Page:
From the Romanesque period sculpture on churches became increasingly important in Western art, and probably partly because of the lack of Byzantine models, became the location of much iconographic innovation, along with the illuminated manuscript, which had already taken a decisively different direction from Byzantine equivalents, under the influence of Insular art and other factors. Developments in theology and devotional practice produced innovations like the subject of the Coronation of the Virgin and the Assumption, both associated with the Franciscans, as were many other developments. Most painters remained content to copy and slightly modify the works of others, and it is clear that the clergy, by whom or for whose churches most art was commissioned, often specified what they wanted shown in great detail.
The theory of typology, by which the meaning of most events of the Old Testament was understood as a "type" or pre-figuring of an event in the life of, or aspect of, Christ or Mary was often reflected in art, and in the later Middle Ages came to dominate the choice of Old Testament scenes in Western Christian art. Whereas in the Romanesque and Gothic periods the great majority of religious art was intended to convey often complex religious messages as clearly as possible, with the arrival of Early Netherlandish painting iconography became highly sophisticated, and in many cases appears to be deliberately enigmatic, even for a well-educated contemporary. The subtle layers of meaning uncovered by modern iconographical research in works of Robert Campin such as the Mérode Altarpiece, and of Jan van Eyck such as the Madonna of Chancellor Rolin and the Washington Annunciation lie in small details of what are on first viewing very conventional representations. When Italian painting developed a taste for enigma, considerably later, it most often showed in secular compositions influenced by Renaissance Neo-Platonism.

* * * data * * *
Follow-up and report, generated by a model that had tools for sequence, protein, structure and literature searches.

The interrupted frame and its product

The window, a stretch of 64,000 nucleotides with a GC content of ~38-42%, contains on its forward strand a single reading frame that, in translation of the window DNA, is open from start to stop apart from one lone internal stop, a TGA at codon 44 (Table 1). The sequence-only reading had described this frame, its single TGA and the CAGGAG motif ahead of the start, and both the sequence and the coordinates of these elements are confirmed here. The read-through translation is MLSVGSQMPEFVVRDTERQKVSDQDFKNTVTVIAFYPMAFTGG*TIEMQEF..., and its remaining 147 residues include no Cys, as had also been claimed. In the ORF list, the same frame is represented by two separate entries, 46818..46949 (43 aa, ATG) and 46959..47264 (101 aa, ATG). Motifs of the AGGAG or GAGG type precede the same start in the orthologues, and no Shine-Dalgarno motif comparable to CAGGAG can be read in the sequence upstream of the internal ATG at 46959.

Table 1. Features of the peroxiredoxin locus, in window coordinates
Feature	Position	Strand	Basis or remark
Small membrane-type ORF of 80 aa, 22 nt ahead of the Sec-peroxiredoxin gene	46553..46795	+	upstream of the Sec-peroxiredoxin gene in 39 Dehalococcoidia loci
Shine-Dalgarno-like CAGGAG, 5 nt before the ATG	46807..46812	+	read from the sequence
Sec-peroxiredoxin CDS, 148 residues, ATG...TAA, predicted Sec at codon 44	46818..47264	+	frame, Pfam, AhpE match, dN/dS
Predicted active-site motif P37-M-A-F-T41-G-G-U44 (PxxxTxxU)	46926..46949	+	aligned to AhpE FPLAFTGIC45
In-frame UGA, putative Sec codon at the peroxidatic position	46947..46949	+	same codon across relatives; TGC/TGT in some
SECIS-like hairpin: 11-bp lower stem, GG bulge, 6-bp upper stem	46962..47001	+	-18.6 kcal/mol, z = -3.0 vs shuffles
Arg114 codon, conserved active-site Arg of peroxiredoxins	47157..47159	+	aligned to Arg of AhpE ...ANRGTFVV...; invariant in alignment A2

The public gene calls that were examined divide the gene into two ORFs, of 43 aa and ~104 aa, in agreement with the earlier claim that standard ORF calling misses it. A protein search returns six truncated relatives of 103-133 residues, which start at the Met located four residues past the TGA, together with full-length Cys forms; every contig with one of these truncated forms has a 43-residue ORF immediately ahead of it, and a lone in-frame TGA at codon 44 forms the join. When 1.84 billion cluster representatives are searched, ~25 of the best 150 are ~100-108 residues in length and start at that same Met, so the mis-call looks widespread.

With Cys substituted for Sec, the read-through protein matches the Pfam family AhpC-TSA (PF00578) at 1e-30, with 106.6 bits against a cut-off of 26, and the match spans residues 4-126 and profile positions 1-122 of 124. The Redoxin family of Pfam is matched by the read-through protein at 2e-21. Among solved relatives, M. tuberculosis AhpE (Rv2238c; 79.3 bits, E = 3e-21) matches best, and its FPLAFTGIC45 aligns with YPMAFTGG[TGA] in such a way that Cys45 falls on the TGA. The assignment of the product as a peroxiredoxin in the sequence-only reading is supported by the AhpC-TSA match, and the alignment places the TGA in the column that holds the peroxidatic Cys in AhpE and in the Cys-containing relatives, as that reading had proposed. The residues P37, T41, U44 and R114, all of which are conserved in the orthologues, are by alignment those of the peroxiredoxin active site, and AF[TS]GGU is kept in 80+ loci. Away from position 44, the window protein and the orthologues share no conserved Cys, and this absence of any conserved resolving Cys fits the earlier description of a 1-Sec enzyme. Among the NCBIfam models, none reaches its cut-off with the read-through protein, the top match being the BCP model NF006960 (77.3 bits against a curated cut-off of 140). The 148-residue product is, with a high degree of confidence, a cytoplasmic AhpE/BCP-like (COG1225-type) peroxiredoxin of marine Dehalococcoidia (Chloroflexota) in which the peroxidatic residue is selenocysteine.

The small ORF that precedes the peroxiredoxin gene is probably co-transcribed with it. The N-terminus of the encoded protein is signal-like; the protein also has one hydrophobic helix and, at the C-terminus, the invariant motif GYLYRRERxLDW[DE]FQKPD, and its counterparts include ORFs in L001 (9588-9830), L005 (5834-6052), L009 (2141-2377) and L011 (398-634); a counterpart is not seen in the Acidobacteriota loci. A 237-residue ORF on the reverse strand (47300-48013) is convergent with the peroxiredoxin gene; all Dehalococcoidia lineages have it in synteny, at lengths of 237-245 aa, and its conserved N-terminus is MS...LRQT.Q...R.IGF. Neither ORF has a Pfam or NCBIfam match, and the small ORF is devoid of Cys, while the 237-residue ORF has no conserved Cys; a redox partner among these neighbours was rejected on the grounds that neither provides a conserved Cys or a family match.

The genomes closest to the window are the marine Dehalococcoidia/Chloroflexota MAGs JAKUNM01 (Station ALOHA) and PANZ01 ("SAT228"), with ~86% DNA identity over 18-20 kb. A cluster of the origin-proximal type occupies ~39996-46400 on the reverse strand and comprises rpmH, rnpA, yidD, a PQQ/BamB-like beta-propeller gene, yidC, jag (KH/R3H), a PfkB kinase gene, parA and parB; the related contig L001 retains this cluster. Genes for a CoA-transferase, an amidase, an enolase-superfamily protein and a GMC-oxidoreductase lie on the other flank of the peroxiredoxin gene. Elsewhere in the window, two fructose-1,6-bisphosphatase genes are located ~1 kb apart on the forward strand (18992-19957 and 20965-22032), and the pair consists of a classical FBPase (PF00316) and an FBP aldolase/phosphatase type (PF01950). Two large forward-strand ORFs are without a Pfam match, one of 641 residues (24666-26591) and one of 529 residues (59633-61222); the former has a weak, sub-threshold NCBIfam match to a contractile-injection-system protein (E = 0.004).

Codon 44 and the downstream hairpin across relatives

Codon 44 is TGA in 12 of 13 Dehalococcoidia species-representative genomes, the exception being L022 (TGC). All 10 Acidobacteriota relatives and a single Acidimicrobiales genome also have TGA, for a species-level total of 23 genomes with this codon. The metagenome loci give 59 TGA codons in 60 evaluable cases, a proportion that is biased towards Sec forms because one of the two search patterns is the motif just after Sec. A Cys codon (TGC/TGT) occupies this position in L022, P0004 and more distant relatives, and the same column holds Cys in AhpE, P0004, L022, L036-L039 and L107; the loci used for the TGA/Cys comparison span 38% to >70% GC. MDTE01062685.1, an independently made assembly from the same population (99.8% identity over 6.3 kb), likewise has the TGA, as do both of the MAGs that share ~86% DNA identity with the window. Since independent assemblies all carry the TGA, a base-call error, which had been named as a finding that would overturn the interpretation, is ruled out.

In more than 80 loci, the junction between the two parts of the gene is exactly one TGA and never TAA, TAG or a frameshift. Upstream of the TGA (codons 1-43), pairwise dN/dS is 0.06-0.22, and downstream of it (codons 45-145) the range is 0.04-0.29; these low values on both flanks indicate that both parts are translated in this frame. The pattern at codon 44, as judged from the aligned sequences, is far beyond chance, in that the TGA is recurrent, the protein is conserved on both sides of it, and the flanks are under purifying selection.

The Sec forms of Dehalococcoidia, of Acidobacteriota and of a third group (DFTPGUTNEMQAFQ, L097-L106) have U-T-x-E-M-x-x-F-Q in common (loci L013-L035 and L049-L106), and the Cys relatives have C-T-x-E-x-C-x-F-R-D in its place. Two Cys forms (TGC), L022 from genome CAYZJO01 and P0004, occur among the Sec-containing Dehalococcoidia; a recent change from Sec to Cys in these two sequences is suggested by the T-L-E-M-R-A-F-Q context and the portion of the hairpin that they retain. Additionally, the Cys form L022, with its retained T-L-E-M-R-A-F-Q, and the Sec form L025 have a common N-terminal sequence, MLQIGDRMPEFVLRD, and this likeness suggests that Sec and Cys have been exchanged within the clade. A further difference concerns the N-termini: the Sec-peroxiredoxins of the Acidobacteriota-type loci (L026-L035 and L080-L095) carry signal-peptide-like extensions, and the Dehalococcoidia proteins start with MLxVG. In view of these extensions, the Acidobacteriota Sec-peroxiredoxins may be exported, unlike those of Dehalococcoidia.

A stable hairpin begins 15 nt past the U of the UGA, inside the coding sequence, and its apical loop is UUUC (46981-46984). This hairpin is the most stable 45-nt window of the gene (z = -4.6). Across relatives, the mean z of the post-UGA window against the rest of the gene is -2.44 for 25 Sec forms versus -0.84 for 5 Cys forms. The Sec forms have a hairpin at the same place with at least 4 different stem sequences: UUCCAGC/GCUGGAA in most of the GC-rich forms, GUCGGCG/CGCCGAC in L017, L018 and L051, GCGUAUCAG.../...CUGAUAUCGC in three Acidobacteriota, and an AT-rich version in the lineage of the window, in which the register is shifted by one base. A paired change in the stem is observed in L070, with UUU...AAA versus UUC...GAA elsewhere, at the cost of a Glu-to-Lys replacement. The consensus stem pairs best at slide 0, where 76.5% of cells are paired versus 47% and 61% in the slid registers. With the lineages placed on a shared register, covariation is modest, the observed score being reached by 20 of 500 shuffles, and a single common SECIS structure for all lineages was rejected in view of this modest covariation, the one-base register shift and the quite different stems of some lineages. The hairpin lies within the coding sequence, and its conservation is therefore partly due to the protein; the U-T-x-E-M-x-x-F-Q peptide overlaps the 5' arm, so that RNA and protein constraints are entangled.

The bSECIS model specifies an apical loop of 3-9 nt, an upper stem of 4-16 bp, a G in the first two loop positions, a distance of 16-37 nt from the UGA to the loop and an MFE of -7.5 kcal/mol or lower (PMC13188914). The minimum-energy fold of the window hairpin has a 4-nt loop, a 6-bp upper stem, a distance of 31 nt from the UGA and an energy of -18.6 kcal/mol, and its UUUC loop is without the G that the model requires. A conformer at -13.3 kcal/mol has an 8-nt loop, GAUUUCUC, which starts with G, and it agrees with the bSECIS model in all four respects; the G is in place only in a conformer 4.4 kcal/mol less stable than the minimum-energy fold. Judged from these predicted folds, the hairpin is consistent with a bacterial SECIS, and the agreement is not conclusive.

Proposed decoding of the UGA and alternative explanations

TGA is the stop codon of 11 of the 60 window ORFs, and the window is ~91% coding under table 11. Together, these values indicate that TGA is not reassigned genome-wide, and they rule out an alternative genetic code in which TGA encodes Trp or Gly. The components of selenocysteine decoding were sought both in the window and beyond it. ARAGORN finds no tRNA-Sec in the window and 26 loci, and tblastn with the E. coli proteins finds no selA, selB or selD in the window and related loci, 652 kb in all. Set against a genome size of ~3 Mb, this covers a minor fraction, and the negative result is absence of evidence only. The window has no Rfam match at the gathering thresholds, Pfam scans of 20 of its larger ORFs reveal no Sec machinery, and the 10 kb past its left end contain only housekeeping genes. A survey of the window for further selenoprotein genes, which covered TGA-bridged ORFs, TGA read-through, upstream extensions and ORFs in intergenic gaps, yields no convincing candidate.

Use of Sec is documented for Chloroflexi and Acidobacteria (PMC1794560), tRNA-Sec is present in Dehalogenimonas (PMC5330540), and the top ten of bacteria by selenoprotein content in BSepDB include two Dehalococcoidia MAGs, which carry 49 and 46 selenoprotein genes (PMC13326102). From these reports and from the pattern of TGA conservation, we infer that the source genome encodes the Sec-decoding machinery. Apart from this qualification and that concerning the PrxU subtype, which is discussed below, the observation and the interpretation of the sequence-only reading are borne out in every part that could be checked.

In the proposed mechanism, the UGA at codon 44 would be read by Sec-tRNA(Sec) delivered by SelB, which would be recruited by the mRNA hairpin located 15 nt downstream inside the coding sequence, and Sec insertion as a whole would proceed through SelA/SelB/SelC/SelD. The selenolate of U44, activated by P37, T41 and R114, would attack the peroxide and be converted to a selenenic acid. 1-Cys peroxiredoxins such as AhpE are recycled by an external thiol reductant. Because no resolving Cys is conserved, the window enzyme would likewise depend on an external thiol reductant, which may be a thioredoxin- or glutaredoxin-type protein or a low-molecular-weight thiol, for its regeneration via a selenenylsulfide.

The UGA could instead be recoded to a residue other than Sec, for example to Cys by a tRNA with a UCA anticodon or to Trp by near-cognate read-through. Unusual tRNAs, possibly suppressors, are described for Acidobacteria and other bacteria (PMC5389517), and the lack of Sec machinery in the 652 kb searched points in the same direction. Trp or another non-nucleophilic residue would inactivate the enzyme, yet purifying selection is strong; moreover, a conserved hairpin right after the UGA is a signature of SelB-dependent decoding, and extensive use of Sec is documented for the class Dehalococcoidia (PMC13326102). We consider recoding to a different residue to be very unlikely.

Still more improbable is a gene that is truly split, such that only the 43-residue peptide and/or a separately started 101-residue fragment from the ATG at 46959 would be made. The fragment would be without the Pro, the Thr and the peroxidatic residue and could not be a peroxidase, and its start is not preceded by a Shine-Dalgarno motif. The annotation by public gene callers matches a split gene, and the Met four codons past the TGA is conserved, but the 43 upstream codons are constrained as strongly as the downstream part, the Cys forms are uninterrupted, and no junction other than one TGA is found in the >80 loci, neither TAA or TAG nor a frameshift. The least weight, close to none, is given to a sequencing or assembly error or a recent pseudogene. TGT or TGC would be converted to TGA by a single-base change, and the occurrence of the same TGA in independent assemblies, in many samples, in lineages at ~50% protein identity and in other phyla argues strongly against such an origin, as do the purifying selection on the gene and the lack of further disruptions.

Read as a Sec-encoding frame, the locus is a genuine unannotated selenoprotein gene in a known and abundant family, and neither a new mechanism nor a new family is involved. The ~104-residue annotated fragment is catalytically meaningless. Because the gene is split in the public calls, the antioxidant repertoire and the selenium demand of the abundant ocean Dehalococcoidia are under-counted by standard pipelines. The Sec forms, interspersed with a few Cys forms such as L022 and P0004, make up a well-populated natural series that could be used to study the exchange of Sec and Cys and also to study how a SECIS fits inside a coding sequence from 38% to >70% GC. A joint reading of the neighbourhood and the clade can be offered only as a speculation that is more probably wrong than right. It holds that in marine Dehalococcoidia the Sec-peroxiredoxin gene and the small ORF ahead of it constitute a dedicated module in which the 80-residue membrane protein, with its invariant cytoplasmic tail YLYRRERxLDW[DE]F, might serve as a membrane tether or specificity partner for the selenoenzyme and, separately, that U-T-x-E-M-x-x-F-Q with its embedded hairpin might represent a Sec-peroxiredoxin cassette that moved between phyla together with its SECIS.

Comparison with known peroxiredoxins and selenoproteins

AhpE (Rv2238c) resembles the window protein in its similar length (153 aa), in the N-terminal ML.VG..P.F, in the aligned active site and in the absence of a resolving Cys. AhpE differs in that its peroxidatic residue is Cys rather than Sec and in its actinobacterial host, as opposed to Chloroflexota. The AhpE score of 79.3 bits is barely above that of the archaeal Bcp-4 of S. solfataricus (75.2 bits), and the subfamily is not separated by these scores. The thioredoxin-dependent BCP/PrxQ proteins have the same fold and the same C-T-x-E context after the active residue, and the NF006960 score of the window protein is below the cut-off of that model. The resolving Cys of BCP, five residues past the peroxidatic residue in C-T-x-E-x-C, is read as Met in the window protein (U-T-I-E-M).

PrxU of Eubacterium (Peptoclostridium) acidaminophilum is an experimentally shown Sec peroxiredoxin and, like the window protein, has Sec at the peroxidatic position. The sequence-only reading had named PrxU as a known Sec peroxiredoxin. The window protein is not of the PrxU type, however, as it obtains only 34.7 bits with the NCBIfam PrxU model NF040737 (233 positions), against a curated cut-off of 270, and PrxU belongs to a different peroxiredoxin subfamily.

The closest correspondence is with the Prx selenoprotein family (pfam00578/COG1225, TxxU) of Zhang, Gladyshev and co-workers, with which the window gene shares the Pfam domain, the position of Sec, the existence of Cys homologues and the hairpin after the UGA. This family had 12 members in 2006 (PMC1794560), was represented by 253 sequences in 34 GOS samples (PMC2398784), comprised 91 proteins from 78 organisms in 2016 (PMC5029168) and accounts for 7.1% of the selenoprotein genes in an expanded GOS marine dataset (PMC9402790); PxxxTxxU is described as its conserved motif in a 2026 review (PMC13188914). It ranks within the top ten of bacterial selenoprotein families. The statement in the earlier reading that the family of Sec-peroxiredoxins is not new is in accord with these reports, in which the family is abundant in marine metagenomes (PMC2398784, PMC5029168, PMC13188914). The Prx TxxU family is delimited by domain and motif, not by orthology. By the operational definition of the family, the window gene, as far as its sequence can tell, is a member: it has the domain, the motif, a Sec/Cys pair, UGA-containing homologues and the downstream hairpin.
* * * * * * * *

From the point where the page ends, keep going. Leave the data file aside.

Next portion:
From the 15th century religious painting gradually freed itself from the habit of following earlier compositional models, and by the 16th century ambitious artists were expected to find novel compositions for each subject, and direct borrowings from earlier artists are more often of the poses of individual figures than of whole compositions. The Reformation soon restricted most Protestant religious painting to Biblical scenes conceived along the lines of history painting, and after some decades the Catholic Council of Trent reined in somewhat the freedom of Catholic artists.
Renaissance mythological painting was in theory reviving the iconography of the ancient world, but in practice themes like Leda and the Swan developed on largely original lines, and for different purposes. Personal iconographies, where works appear to have significant meanings individual to, and perhaps only accessible by, the artist, go back at least as far as Hieronymous Bosch, but have become increasingly significant with artists like Goya, William Blake, Gaugin, Picasso, Frida Kahlo and Joseph Beuys.